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Thanks Maa

Following its rounds of the festival circuit, Thanks Maa hits the cinemas this week. A serious look at abandoning newborns, usually born out of illicit relationships, the film comes across as a well researched and realistic piece of work. Also, its triumph lies in its casting in general and especially of the street urchins, some abandoned, some runaways. The film’s comparison to Slumdog Millionaire may be inevitable.

Municipality Ghatkopar (Shams), the chief protagonist of Thanks Maa is one such boy, an abandoned child who hangs out with a gang of four other street kids, Soda (Salman), Cutting (Fayaaz), Sursuri (Almas) and Dhedh Shaaana (Jaffer), and from picking pockets to pasting wall posters, he does everything to earn money and save some to please the Municipal hospital peon where he was found abandoned in the hope that someday his parents especially his mother will come looking for him and the peon will inform him.

While running away from a children remand home where he has been sent for picking a pocket, Municipality finds a 2 day old child abandoned on its doorstep. He saves the infant from a dog but can’t leave the child at the remand home whose warden is a paedophile. Municipality then takes it upon himself to find the child’s mother and hand him over to her. Through his search, the film takes a close look at the dark side of society, its sexual exploits and selfish motives. From paedophile to sadism masochism sex to a father exploiting his own daughter, it is all there and justified.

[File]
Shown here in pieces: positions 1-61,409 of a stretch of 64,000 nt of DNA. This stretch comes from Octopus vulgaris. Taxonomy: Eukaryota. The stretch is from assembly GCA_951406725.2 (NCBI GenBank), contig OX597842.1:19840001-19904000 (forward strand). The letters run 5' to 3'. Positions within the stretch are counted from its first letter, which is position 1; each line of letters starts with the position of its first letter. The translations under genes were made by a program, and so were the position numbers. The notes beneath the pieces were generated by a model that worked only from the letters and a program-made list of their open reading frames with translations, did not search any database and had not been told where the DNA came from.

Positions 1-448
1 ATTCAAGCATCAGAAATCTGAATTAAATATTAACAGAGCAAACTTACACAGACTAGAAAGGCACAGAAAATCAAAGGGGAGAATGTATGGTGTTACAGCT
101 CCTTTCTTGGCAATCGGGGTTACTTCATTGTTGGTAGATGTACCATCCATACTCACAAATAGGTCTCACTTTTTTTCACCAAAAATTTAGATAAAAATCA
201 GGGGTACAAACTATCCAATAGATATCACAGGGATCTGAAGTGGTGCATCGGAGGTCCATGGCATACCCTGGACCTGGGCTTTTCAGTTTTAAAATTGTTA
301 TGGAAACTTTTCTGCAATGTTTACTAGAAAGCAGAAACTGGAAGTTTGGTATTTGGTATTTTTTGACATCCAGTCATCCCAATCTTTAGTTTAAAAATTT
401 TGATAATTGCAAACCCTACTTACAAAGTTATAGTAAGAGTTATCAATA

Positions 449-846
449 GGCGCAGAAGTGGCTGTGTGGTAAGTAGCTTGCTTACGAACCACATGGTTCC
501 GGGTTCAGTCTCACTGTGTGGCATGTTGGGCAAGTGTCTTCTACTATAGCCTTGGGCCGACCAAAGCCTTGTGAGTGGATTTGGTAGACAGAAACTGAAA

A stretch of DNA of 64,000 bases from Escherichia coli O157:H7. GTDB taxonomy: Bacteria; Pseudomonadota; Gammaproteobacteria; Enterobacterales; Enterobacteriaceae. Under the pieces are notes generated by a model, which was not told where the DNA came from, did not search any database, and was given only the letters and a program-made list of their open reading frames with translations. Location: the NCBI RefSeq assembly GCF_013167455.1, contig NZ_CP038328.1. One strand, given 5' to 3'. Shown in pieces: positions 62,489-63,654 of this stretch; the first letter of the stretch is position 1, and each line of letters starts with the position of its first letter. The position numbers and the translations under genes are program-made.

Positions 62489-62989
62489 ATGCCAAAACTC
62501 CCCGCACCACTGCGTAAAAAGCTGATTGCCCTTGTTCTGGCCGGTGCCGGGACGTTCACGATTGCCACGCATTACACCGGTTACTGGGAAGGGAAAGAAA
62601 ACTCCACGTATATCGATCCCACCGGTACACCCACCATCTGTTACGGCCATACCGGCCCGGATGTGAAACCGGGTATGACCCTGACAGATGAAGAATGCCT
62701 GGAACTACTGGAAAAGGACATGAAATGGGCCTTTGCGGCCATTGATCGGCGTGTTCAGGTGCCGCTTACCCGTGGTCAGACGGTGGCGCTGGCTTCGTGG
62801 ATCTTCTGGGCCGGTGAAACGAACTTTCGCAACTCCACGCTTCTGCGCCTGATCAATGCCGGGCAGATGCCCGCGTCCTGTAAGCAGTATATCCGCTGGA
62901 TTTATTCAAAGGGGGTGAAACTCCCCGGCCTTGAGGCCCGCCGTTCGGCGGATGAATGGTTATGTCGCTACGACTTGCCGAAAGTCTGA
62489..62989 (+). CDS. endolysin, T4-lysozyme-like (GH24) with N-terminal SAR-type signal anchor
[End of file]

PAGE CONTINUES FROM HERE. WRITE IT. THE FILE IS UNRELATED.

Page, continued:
Irfan Kamal has done a remarkable job as a writer (with co-writer Vishal Vijay Kumar) as well as the director in his debut film. Dialogue is witty as well as hard hitting. Music is good and background effective. Photography is good.

The child artistes have all done well with Shams stealing the show and Jaffer coming a close second. Alok Nath, Raghuvir Yadav, Barry John, Ranvir Shorey, Mukta Barve and Jalees Sherwani all give good support with Sanjay Mishra even doing a full Monty convincingly.

While, Thanks Maa should find all the appreciation and critical acclaim, its prospects at the box office will be minute considering it is a mature theme with kids as protagonists but is not a film for kids.

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